When the Rowland Hall Winged Lions entered the 2A state tournament as the No. 9-seeded team, the squad had an even .500 record for the season at 6-6.
But as the team departed Rio Tinto Stadium after Wednesday afternoon’s 2A state championship match, it went home with win No. 11.
By a final score of 2-0, the Winged Lions capped off their underdog run, which saw them beat the eighth-, first- and fourth-seeded squads, with a state championship victory over third-seeded St. Joseph.
Senior captain Zach Baughman said he and his teammates knew they had the run in them, they just needed to make it happen on the pitch.
“We knew we were much better (than our record showed),” Baughman said. “The regular season started off rough, losing to teams that we knew we could beat, so coming in as the 9 seed, we knew we had to prove ourselves.”
Though they had knocked off top-seeded Maeser Prep just four days prior to the title game, the ultimate chance for the Winged Lions to prove themselves came against their title game opponent, St. Joseph, which beat them twice in the regular season and came into the match having won its semifinal matchup by a whopping 8-0 scoreline.
Despite those circumstances, Rowland Hall head coach Joe Murray said his team came into the matchup feeling relatively confident.
“We lost twice to St. Joseph by one goal each time, so we kind of knew we were close (to them),” Murray said.
“We knew all along that we had played the top teams as well, or better than them in the regular season, we just couldn’t put the ball in the net.”
Goal scoring had been an issue for Rowland Hall in the regular season, but with 20 goals in its four playoff games, the Winged Lions managed to solve that issue pretty effectively.
But facing a side that was averaging 6.5 goals per game coming into the title game, Rowland Hall would either have to score multiple goals or defend to perfection in order to knock off St. Joseph.
It wound up doing both of those things.
In the 32nd minute, a hand ball in the box by the Jayhawks paved the way for Luke Muhlestein to bury a penalty shot in the back of the net for the game’s opening goal.
Getting the goal scoring out of the way, the penalty kick allowed the Winged Lions to rely upon their defense, a position they were comfortable with given they had conceded only 10 goals all season.
“That first goal definitely gave us some fire,” Baughman said. “Whenever we get a goal, we start giving our all (defensively) in order to secure that win, so getting that first goal meant a lot.”
The penalty goal aside, chances were hard to come by in the match for both teams, with most of the game being played in the central third of the field.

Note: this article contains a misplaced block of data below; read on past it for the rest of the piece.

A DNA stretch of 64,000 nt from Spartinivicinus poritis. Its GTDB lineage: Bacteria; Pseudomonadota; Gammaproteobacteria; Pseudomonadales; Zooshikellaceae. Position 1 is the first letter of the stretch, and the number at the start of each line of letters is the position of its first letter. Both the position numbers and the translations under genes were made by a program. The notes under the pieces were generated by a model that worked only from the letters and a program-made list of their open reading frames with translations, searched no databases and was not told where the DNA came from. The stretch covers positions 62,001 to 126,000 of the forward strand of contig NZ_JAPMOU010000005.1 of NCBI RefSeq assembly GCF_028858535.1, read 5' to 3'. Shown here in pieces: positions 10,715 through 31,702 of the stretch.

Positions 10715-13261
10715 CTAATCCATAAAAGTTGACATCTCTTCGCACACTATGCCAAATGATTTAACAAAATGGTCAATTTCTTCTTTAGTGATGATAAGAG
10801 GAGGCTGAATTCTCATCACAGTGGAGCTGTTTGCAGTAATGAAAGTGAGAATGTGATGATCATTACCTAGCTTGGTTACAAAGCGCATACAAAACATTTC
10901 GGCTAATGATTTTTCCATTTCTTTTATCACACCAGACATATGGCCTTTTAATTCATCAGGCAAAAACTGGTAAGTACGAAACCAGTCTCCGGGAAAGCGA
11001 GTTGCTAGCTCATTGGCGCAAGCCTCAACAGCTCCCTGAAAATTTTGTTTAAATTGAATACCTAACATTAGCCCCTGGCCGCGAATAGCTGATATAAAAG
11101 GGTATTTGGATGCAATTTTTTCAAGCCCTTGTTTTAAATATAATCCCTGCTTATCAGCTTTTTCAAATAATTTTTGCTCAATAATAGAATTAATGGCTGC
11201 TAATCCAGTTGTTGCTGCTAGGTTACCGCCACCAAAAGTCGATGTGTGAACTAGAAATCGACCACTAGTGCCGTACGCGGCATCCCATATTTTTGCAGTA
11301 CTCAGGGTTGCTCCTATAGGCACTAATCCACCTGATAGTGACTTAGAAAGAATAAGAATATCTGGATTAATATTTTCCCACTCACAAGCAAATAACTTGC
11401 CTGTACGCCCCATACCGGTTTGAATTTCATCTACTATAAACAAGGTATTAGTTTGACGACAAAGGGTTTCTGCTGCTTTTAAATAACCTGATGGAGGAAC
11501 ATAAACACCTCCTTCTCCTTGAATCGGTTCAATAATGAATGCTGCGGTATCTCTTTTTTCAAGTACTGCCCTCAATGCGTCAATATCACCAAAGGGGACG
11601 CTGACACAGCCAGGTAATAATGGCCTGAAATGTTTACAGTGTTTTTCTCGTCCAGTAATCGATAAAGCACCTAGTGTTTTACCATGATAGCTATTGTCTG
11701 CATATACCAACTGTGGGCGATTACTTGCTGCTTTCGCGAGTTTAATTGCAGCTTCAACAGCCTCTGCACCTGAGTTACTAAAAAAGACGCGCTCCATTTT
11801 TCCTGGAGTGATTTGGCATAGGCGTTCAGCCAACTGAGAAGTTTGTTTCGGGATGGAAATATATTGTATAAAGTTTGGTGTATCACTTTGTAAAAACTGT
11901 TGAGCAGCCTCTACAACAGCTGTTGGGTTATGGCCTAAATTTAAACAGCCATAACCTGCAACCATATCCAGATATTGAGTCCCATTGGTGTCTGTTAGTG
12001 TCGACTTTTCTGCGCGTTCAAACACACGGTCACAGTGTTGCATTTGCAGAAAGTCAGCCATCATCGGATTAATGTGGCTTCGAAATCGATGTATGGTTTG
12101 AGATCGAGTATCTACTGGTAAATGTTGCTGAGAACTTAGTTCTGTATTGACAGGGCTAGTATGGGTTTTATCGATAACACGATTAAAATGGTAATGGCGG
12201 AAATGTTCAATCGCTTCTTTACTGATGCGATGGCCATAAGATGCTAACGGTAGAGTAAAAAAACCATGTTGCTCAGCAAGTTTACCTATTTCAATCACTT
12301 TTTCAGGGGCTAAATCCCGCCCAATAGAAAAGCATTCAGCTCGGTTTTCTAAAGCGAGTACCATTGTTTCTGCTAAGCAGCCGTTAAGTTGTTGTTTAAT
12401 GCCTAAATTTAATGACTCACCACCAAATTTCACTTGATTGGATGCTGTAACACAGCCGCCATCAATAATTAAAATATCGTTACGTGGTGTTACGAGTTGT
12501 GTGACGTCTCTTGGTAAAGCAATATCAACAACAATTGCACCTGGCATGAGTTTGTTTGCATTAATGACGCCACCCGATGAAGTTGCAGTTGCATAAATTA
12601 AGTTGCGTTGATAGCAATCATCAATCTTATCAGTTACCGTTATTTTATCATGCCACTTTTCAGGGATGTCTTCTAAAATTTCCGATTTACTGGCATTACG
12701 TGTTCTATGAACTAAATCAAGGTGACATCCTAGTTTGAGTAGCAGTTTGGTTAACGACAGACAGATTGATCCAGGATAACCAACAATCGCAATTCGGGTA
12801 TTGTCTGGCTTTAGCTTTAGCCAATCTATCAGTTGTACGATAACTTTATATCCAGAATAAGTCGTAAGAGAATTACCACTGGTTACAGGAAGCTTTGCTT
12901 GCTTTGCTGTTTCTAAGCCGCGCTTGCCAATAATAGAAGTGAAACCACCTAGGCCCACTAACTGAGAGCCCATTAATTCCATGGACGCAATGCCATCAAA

Both defenses did their jobs, but with exactly two minutes remaining in the game, Baughman managed to get the ball at his feet in transition.
The senior drove up the right side of the field and took a difficult-angled shot from the right side of the attacking third, just outside the penalty area.
The high arcing shot soared over the Jayhawks’ keeper and into the goal to make it 2-0 and essentially put the game on ice for the Winged Lions.
The last goal of his career, Baughman said was “without a doubt” his favorite goal of his career for obvious reasons, but he deflected all the credit for the victory toward the defensive effort of the team.
Led by a backline of Jack Vitek, Brandt Barker and Calvin DeBellis, along with wingbacks Lorenzo Parker Pillow and Muhlestein, the Winged Lions picked up their ninth clean sheet of their season.
Sam Andrew, the squad’s keeper, was also solid throughout the afternoon, making a crucial diving save just seconds after Baughman scored the team’s second goal.
“The defense has been amazing all season,” Baughman said. “Our defense, honestly, I think I could argue it’s the best in the state.
“We have a lot of heart back there and they’re really the reason that we’ve made it here today.”
It didn’t come easy for them at times this season, but all the struggles became worth it in the end for the Winged Lions, whom Murray said banded together and became like family through the struggles.
“It’s not just about the quality of the players, it’s also about brotherhood,” Murray said.
“From the start of the season, they’ve been a band of brothers, and I think that bond that they have is really what drove them through the end.”